Learning a second language was difficult for me, as my native language is Spanish. I was raised in a Hispanic household in Colombia, but my family decided to move to the USA when I was 14 years old. The language barrier was painful for me. I was shy, I had a hard time making friends (even when they spoke Spanish to me), and my ESOL (English as a Second Language) teacher had a painful way to teach English. Even though she knew Spanish (she was a Spanish teacher too), she refused to speak Spanish to her ESOL students. She believed that the only way to learn English was to block Spanish in her class. This concept worked for some students and for some others like me it was a nightmare. During the first year in the USA, I felt extremely lonely, but the American teachers were so kind to me. When I went to their class I sat in the front of the row, took notes and even tried to communicate with them. I showed them my desire for learning and in return, they helped me more. They took extra time to explain things to me and showed me different ways to learn a topic.
When the school year was over, I passed all my classes except ESOL. I was sad and mad at myself for failing the class, but it was the teacher’s fault too. I couldn’t complain, I know that complaining solves nothing in life. During that summer, I decided that I would teach English myself. My dad had home videos that taught English at home. Every day I sat in front of the TV with a pen and paper in my hand. I was determined to learn English; not prove that the teacher was a bad one, but to prove to myself that I was capable of anything I wanted to accomplish.
When school started again, I was assigned to the same ESOL teacher. I passed her class and eventually was removed from the ESOL program. I was happy to be treated as a regular student. In 2011 I graduated from high school with my white cap and gown. I was proud of myself!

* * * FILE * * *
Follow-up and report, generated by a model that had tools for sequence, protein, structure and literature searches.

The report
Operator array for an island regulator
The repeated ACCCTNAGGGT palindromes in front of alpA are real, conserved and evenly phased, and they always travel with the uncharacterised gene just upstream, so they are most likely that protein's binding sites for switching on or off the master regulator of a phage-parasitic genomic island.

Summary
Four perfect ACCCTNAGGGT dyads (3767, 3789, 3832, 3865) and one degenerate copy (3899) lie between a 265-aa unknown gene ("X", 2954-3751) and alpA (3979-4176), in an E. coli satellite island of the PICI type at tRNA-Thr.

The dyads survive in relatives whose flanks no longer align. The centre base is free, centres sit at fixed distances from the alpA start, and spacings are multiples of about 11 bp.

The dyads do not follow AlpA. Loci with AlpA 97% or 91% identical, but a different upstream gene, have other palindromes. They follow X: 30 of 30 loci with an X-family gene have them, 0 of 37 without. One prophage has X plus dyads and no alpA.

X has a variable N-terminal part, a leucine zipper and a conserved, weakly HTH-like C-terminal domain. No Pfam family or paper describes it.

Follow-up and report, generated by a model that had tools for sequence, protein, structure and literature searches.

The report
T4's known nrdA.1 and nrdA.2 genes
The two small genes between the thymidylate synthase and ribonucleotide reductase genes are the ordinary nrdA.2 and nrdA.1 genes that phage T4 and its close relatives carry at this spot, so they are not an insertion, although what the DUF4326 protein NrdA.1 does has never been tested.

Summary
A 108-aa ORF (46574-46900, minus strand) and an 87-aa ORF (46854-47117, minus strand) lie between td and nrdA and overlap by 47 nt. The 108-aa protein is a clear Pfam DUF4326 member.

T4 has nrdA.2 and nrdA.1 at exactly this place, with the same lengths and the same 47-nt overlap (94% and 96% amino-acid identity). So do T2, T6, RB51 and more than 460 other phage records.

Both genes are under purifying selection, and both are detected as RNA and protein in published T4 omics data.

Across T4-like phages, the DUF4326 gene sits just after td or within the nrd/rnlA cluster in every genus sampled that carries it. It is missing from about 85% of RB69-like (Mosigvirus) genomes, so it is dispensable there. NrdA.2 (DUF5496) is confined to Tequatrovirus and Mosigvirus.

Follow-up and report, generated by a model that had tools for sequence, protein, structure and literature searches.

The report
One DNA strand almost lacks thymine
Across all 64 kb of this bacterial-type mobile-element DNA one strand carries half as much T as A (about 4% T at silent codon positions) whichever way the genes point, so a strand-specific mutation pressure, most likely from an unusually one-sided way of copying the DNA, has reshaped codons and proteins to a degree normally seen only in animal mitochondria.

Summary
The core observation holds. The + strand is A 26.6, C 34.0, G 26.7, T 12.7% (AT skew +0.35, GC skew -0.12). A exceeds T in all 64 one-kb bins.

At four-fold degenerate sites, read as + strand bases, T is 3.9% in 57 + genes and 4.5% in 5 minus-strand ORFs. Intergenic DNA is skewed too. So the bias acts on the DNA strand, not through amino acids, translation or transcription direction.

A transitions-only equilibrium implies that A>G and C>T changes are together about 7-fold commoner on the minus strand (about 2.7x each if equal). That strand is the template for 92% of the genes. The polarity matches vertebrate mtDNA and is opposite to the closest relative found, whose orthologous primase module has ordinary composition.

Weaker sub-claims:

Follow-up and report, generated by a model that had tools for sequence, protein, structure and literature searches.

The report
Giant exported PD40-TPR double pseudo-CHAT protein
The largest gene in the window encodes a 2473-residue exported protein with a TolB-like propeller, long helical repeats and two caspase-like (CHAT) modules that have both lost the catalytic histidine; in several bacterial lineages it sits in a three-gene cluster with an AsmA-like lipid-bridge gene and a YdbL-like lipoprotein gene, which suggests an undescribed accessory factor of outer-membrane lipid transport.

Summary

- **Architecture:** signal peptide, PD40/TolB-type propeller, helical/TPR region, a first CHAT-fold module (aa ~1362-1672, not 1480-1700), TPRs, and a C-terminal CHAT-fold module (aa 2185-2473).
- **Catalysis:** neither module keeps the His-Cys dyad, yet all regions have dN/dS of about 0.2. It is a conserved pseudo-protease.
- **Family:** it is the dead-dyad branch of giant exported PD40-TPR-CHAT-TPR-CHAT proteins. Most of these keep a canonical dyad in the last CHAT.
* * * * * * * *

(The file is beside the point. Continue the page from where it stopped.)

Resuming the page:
Now that I am in college, I am eager to earn my bachelor degree. I want to become a doctor or a pediatrician. This dream is harder since this field is extremely competitive. I’m up for the challenge. I want to enjoy what I’m studying now instead of regretting it later in life.
By the way, I recently became interested in ASL (American Sign Language). I became aware of the culture when I started watching the show Switch at Birth. The show joins both cultures the hearing and the deaf culture. I also became interested because of Nyle DiMarco, who recently won the mirror ball in the tv show Dancing with the Stars. I did a lot of research and found out that many doctors refuse to see deaf patients because hiring an interpreter is an extra cost for them or the company. Also, about 2% of deaf children receive an education, because schools do not provide them with the proper tools (an interpreter) to help them achieve an education. Now that I speak two important languages, English and Spanish, I hope to learn ASL to have a more intimate connection with my patients.
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